Sri Lanka: Risk Assessment
Country Risk Rating
Business Climate Rating
- Diversified agricultural production (tea, rice, coconut, rubber)
- Strategically located at the center of trade routes between Asia and the Middle East
- Indian, Chinese and Japanese interests
- Strong growth in tourism
- Successes in education, health and poverty reduction
- Agricultural production vulnerable to climate disasters; dependence on tourism
- Low levels of public capital expenditure due to debt servicing burden
- Reliant on short-term external financing
- Lack of infrastructure
- Ethnic tensions between Sinhalese and Tamils
Tourism recovery will restore growth in 2020
Sri Lanka’s growth in 2019 was severely affected by the April attacks, which killed more than 250 people in the capital. Tourist arrivals declined by 41.6% in the second quarter of 2019, impacting the entire service sector (23% of GDP). Both private and public consumption have declined, as has an investment in fixed capital. This shock is a transitory one and will fade after one year, allowing growth to strengthen in 2020. Industrial production was also affected, but recovered more quickly, thanks in particular to construction activity. Agricultural production benefited from favorable weather conditions, and exports contributed positively to growth, benefiting from last year’s depreciation.
Credit creation slowed in the first half of 2019, due to the economic slowdown and investors’ weakened expectations. This moderation offset the rise in food prices, and inflation remained at the levels expected for 2019. The expected recovery in activity, reductions in the key policy rate and the cap on private bank rates will stimulate credit in 2020, without stoking inflation: food prices are expected to stabilize, and energy prices will trend downwards.
High public debt
In the first half of 2019, Sri Lankan public finances deteriorated further: the shock to tourism and the decline in imports reduced government revenues and aggravated deficits, leading to non-compliance with the targeted primary balance criterion. Nevertheless, the IMF renewed its confidence in the State, turned a blind eye to the failure to comply with the criterion, and extended its support to the country by one year. A new credit tranche of USD 164 million was granted in June 2019, bringing the total disbursement of the program to USD 1.31 billion (1.4% of GDP). The country is continuing its reform program, which includes the use of indirect taxes, the forthcoming creation of a public debt management agency and the introduction of a fiscal rule. Given the strong growth expected, the deficit is therefore expected to decline in 2020. Public debt is high, and weighs heavily on the State budget: interest payments accounted for 44% of 2019 revenues. Financing needs are high, debt is expensive and external dependence is considerable. Half of the debt is in foreign currencies and therefore exposed to the risk of depreciation. Over the 2020/2023 period, debt service will represent USD 19.3 billion, while foreign exchange reserves stood at USD 7.8 billion in November 2019, or 4.5 months of imports, currently an insufficient level.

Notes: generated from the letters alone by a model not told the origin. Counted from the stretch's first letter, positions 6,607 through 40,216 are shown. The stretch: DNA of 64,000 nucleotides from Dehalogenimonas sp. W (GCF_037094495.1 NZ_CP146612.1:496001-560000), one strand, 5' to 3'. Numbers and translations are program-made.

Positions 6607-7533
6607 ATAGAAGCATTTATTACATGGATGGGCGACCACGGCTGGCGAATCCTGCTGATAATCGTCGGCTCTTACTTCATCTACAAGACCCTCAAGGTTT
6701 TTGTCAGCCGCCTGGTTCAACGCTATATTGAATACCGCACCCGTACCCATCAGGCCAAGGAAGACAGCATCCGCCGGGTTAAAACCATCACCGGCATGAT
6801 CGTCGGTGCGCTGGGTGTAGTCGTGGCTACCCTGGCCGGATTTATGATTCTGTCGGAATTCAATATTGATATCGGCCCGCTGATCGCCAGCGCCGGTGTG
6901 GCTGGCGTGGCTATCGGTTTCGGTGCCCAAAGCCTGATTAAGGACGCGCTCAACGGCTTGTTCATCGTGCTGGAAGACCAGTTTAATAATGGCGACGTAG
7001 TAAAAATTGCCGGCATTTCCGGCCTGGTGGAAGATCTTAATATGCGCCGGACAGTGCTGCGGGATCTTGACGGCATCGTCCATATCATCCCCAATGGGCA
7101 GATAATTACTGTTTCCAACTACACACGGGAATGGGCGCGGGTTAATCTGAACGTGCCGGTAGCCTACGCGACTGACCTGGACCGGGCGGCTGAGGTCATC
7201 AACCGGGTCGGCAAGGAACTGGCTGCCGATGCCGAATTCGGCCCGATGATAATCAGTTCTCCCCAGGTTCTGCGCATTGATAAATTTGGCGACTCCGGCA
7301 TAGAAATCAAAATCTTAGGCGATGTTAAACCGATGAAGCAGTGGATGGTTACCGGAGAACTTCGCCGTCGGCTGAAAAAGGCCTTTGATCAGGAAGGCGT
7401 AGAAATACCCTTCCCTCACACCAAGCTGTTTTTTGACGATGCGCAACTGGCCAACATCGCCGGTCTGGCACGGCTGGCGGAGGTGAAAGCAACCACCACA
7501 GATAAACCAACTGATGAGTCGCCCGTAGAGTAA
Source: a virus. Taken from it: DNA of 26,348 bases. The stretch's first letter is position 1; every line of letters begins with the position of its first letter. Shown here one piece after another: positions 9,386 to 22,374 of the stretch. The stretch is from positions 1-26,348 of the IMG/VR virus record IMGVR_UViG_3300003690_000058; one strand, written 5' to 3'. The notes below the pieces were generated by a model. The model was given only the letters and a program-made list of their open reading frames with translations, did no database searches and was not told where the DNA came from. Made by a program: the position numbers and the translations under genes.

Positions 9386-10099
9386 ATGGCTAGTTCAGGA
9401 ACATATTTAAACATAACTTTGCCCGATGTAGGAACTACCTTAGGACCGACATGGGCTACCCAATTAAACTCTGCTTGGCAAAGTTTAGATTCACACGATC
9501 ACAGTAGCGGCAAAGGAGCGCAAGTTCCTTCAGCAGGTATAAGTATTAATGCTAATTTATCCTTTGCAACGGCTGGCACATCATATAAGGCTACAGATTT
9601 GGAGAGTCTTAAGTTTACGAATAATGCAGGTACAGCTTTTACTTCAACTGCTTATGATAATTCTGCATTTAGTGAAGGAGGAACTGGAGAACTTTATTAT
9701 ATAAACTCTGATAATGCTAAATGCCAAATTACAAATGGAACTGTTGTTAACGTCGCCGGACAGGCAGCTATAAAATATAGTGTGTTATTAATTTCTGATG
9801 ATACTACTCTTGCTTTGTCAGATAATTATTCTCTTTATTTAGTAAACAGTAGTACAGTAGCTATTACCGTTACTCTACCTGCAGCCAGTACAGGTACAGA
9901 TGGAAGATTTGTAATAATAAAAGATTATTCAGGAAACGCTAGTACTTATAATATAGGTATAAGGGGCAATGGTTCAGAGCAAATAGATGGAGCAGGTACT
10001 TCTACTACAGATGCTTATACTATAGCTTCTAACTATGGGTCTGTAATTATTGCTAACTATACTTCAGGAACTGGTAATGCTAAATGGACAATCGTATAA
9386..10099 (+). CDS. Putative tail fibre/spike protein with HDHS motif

The current account deficit narrowed thanks to an improvement in the trade balance: exports increased by 4.7% on clothing sales, while restrictions reduced imports by 16.1%. These improvements offset the reduction in tourism revenues and expatriate remittances. In 2020, the deficit will widen again: the recovery in tourism revenues will not be enough to offset an increase in imports due to growth and the easing of import restrictions.
The Rajapaksa clan returns to power
The presidential elections saw Gotabaya Rajapaksa emerge as the winner, with 52.25% of the votes. A former soldier, Mr. Rajapaksa is a popular figure because of his role in ending the civil war in 2009. His victory, on a platform of nationalism and security, is symptomatic of the ongoing ethnic tensions in Sri Lanka: the President had the support of the Sinhalese ethnic majority, but received few Tamil votes. The appointment of his brother, former President Mahinda Rajapaksa, who pursued a set of nationalists, centralizing and authoritarian policies between 2005 and 2015, raises fears that the achievements of the previous government in terms of corruption, separation of powers and press freedom will be reversed. The fight against terrorism is a top priority for the President, and security improvements are expected. Regarding economic policy, the President has promised large tax cuts, as well as increased subsidies for farmers. The country is on the path of structural reforms, but the risk of a widening deficit in 2020 remains and is hostage to the discretion of politicians: populist measures could be taken ahead of parliamentary elections in August 2020 in an effort to wrest the majority back from the opposition. Sri Lanka has moved up the World Bank’s Doing Business 2020 ranking, coming 99th.
Relations with China were greatly strengthened during Mahinda Rajapaksa’s two terms of office and may deepen again in the coming years. The struggle for influence between China and India remains significant, but Indian projects have stalled, while China has helped the Rajapaksa family avoid international investigations of war crimes committed in 2009 and holds about a quarter of the public debt. China is very involved in Sri Lanka’s development, and finances the Colombo Financial District, for example, providing USD 1.4 billion, the largest foreign investment in the country. This raises the question of dependence on this financing: when it becomes impossible to repay the loan taken out to finance the port of Hambantota, the government was forced to cede the port to China for 99 years.